Inspection of Welds

A discussion of welds in this chapter will be confined to judging the quality of completed welds by visual means. Although the appearance of the completed weld is not a positive indication of quality, it provides a good clue about the care used in making it.

A properly designed joint weld is stronger than the base metal which it joins. The characteristics of a properly welded joint are discussed in the following paragraphs.

A good weld is uniform in width; the ripples are even and well feathered into the base metal, which shows no burn due to overheating. [Figure 8-22] The weld has good penetration and is free of gas pockets, porosity, or inclusions. The edges of the bead illustrated in Figure 8-22 (B) are not in a straight line, yet the weld is good since penetration is excellent.

Penetration is the depth of fusion in a weld. Thorough fusion is the most important characteristic contributing to a sound weld. Penetration is affected by the thickness of the material to be joined, the size of the filler rod, and how it is added. In a butt weld, the penetration should be 100 percent of the thickness of the base metal. On a fillet weld, the penetration requirements are 25 to 50 percent of the thickness of the base metal. The width and depth of bead for a butt weld and fillet weld are shown in Figure 8-23.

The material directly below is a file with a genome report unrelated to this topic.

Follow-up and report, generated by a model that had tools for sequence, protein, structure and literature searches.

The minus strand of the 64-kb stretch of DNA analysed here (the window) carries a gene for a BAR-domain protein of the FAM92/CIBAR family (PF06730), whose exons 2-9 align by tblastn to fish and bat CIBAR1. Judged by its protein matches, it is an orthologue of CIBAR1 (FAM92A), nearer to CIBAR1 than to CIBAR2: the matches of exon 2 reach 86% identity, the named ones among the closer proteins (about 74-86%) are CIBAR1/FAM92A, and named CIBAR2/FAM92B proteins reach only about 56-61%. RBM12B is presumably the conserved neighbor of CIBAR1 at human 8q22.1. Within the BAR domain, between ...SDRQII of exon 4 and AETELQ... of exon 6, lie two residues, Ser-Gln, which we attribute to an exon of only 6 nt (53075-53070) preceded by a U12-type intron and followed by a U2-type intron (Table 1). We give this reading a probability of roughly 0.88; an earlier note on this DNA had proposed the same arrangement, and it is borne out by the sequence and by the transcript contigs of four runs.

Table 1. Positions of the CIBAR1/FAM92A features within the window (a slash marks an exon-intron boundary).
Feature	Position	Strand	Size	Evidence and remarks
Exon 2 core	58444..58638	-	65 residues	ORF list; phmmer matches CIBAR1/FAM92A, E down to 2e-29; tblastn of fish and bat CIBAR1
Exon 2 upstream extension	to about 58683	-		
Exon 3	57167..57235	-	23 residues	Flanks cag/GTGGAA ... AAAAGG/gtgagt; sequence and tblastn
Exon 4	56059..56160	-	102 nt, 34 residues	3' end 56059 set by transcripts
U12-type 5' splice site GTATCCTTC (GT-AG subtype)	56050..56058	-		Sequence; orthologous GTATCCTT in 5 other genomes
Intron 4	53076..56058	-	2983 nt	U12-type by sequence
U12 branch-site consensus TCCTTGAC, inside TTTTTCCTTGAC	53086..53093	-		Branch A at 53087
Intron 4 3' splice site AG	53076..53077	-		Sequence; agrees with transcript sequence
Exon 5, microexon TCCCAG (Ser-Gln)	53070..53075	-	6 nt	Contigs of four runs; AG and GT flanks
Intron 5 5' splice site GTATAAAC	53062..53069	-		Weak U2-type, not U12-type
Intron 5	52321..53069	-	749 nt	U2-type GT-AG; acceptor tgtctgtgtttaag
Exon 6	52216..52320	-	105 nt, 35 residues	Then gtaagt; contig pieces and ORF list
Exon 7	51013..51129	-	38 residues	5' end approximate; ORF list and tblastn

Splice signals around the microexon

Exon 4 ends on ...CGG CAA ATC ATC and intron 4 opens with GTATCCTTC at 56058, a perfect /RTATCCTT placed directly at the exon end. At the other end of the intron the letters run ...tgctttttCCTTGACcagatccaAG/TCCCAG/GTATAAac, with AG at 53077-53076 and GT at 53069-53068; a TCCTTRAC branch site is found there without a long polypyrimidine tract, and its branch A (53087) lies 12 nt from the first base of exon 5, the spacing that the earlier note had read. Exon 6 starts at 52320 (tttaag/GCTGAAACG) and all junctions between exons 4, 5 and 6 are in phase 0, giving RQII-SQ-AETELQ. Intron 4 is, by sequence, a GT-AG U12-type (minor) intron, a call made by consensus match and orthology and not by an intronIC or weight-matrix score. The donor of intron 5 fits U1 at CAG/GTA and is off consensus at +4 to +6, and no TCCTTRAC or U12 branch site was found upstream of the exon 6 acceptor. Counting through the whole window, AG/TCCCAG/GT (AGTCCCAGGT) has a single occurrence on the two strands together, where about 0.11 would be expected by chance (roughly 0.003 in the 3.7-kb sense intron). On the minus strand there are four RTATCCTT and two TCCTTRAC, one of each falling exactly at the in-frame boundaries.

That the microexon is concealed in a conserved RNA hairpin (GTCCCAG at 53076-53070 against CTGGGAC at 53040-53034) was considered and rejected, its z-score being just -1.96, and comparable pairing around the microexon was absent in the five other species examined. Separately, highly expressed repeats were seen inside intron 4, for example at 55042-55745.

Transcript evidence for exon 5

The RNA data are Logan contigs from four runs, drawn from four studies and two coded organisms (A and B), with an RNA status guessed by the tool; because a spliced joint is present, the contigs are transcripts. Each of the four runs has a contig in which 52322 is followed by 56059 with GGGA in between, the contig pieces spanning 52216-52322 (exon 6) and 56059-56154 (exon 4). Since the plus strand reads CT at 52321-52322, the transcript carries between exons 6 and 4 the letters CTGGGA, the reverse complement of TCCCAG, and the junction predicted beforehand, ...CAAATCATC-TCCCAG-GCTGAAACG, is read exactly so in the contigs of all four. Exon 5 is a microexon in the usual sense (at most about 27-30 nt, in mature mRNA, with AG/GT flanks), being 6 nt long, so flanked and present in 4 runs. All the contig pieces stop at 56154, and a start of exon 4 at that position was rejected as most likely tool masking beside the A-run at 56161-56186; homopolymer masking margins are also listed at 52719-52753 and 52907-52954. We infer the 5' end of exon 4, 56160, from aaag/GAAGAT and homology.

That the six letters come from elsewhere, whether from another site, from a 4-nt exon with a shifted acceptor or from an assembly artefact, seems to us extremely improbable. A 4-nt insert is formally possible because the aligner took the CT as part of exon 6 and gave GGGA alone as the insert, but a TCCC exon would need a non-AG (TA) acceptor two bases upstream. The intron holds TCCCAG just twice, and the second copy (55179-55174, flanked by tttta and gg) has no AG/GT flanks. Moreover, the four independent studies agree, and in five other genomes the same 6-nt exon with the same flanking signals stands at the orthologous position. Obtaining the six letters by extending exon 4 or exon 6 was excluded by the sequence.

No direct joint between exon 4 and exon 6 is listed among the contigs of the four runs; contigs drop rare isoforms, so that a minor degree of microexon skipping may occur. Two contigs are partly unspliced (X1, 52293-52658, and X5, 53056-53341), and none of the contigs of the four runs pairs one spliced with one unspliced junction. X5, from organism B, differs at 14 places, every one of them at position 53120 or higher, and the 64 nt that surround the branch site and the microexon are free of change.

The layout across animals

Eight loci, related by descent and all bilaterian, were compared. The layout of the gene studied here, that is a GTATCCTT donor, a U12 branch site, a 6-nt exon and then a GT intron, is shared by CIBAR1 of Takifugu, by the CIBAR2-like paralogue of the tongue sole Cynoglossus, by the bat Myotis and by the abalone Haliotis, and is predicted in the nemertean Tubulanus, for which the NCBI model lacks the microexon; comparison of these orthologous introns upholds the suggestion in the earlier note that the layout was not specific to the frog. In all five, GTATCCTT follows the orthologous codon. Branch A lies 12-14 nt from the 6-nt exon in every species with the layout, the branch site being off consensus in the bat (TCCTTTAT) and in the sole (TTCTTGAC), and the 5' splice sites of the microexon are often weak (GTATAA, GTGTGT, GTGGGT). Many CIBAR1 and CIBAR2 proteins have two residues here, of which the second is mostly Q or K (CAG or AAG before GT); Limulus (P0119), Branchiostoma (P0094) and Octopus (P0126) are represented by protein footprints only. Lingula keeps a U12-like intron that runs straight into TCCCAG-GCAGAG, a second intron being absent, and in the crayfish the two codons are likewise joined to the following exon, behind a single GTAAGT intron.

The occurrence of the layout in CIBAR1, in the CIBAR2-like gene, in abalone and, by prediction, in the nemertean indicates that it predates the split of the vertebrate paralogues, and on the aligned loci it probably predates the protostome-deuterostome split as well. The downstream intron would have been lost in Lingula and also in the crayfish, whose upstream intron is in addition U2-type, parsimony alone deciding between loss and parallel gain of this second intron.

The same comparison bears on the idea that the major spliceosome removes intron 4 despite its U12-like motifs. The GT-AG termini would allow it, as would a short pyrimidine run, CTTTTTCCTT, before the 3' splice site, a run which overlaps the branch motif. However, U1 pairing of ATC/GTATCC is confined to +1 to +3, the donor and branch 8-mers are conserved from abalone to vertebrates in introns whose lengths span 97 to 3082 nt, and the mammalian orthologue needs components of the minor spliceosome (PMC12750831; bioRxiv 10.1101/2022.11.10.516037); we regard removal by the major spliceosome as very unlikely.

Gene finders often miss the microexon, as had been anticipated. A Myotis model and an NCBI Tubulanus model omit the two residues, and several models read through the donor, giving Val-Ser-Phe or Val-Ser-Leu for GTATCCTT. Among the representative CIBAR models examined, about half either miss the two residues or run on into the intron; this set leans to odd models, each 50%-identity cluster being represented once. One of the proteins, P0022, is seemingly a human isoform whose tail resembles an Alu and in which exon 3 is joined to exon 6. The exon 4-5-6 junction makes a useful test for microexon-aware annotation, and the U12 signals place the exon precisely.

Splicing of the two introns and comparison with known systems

To assist further in determining the quality of a welded joint, several examples of incorrect welds are discussed in the following paragraphs.

The weld shown in Figure 8-24 (A) was made too rapidly. The long and pointed appearance of the

ripples was caused by an excessive amount of heat or an oxidizing flame. If the weld were cross-sectioned, it would probably disclose gas pockets, porosity, and slag inclusions.

Figure 8-24 (B) illustrates a weld that has improper penetration and cold laps caused by insufficient heat. It appears rough and irregular, and its edges are not feathered into the base metal.

The puddle has a tendency to boil during the welding operation if an excessive amount of acetylene is used. This often leaves slight bumps along the center and craters at the finish of the weld. Cross-checks are apparent if the body of the weld is sound. If the weld were cross-sectioned, pockets and porosity would be visible. Such a condition is shown in Figure 8-24 (C).

A bad weld with irregular edges and considerable variation in the depth of penetration is shown in D of Figure 8-24. It often has the appearance of a cold weld.

 ŠAvStop Online Magazine                                                                                                                                                      Contact Us              Return To Books

AvStop Aviation News and Resource Online Magazine

Grab this Headline Animator